TABLE 3

Complete Rheumatologic Laboratory Results for the Patient

TestResults
ANA (≥1:40) Positive (+1:320) 
Anti-dsDNA antibody (<1:10) Positive (+1:320) 
Rheumatoid factor (<10 IU/mL) Negative 
HLA-B27 Negative 
SS-A antibody (<1.0 U) Negative 
SS-B antibody (<1.0 U) Negative 
RNP antibody IgG (<1.0 U) Negative 
Antismith antibody (<1.0 U) Negative 
C3 complement (77–143 mg/dL) 50 mg/dL 
C4 complement (7–40 mg/dL) 8 mg/dL 
Direct antiglobulin test Positive 
TestResults
ANA (≥1:40) Positive (+1:320) 
Anti-dsDNA antibody (<1:10) Positive (+1:320) 
Rheumatoid factor (<10 IU/mL) Negative 
HLA-B27 Negative 
SS-A antibody (<1.0 U) Negative 
SS-B antibody (<1.0 U) Negative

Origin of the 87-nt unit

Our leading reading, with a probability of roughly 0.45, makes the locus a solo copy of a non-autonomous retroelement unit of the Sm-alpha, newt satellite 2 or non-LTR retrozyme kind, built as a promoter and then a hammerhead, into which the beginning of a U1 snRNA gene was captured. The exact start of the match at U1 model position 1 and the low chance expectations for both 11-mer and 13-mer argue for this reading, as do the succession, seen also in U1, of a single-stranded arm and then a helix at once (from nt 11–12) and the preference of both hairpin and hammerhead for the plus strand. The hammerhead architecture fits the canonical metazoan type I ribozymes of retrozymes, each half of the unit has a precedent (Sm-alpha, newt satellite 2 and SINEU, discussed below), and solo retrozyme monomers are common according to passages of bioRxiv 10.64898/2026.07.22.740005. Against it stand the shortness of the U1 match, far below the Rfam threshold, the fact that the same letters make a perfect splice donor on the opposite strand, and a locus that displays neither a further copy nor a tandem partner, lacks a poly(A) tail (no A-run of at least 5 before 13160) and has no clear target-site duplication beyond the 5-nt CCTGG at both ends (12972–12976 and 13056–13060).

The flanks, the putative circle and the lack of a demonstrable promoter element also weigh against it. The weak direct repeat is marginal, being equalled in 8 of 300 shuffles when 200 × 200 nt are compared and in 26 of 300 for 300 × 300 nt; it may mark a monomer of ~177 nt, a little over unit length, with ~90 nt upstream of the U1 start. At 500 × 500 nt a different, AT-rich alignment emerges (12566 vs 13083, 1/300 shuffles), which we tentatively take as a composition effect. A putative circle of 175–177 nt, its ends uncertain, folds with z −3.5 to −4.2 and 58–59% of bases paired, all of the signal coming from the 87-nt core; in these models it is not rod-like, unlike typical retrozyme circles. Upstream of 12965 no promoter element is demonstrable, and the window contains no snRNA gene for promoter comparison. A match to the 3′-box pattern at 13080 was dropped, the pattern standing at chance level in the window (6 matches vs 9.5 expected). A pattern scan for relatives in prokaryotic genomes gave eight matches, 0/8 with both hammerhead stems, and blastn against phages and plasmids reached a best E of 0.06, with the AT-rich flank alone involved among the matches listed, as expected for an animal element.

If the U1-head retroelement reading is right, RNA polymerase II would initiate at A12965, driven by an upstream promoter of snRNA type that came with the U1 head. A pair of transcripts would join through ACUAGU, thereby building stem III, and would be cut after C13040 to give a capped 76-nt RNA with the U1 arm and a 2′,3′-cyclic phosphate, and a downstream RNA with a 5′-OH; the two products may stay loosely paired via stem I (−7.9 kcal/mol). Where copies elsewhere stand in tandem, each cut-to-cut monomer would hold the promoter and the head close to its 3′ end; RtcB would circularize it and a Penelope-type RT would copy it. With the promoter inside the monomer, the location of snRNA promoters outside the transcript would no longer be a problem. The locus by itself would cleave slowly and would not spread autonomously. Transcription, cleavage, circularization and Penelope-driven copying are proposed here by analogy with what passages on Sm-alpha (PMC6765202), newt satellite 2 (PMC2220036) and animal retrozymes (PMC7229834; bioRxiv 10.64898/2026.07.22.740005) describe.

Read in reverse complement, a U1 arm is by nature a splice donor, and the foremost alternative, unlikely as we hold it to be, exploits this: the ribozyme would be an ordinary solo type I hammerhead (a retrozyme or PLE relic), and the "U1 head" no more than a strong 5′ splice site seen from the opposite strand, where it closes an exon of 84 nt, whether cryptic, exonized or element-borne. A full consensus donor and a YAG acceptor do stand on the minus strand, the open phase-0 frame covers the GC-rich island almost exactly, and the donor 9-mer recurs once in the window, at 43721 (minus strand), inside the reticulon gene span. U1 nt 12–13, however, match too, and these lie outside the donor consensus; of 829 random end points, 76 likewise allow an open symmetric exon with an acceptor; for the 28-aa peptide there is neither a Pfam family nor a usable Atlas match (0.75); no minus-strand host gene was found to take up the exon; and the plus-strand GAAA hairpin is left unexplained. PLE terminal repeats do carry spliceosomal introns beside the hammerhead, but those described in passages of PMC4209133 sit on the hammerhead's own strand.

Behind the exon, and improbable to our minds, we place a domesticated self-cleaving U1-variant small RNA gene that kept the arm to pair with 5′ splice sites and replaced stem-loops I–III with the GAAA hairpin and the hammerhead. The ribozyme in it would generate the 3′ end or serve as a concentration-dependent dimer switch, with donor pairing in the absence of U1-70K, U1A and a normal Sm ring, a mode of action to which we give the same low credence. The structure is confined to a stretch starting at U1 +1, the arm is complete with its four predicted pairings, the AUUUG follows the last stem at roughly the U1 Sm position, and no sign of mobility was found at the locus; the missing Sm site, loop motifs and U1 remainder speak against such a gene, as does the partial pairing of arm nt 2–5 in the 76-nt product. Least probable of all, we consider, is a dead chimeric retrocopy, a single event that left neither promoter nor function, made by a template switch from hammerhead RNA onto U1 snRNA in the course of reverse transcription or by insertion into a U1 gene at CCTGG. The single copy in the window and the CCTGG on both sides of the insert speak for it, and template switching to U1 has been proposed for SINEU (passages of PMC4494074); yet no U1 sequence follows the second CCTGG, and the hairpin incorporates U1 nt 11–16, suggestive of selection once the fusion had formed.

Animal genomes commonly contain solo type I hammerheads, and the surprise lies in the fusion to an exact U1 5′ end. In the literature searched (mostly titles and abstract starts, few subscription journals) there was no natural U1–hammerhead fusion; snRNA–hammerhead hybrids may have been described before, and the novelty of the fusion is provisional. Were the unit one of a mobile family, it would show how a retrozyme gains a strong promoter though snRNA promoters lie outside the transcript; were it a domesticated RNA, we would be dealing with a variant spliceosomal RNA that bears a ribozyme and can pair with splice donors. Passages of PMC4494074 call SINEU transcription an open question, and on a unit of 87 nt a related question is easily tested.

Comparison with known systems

RNP antibody IgG (<1.0 U) Negative 
Antismith antibody (<1.0 U) Negative 
C3 complement (77–143 mg/dL) 50 mg/dL 
C4 complement (7–40 mg/dL) 8 mg/dL 
Direct antiglobulin test Positive 

C3, complement leve; 3; C4, complement level 4; HLA-B27, human leukocyte antigen B27; IgG, immunoglobulin G; RNP, ribonucleoprotein; SS-A,Sjögren’s syndrome–related antigen A; SS-B, Sjögren’s syndrome–related antigen B.

cSLE has protean clinical manifestations that can affect virtually every organ and can vary from patient to patient. The patient’s initial clinical picture can be indistinguishable from that seen in so-JIA. Although an ANA is the hallmark of lupus, an ANA alone is nonspecific and detectable in many other disorders including autoimmune diseases (so-JIA, dermatomyositis, autoimmune hepatitis, Hashimoto disease, inflammatory bowel disease)28  and hematologic and solid tumor malignancies.2931  Mild transaminitis can be seen in so-JIA and systemic lupus erythematosus (SLE) as well as in viral illness. Liver test abnormalities in SLE are relatively common, but clinically significant liver disease is rare.32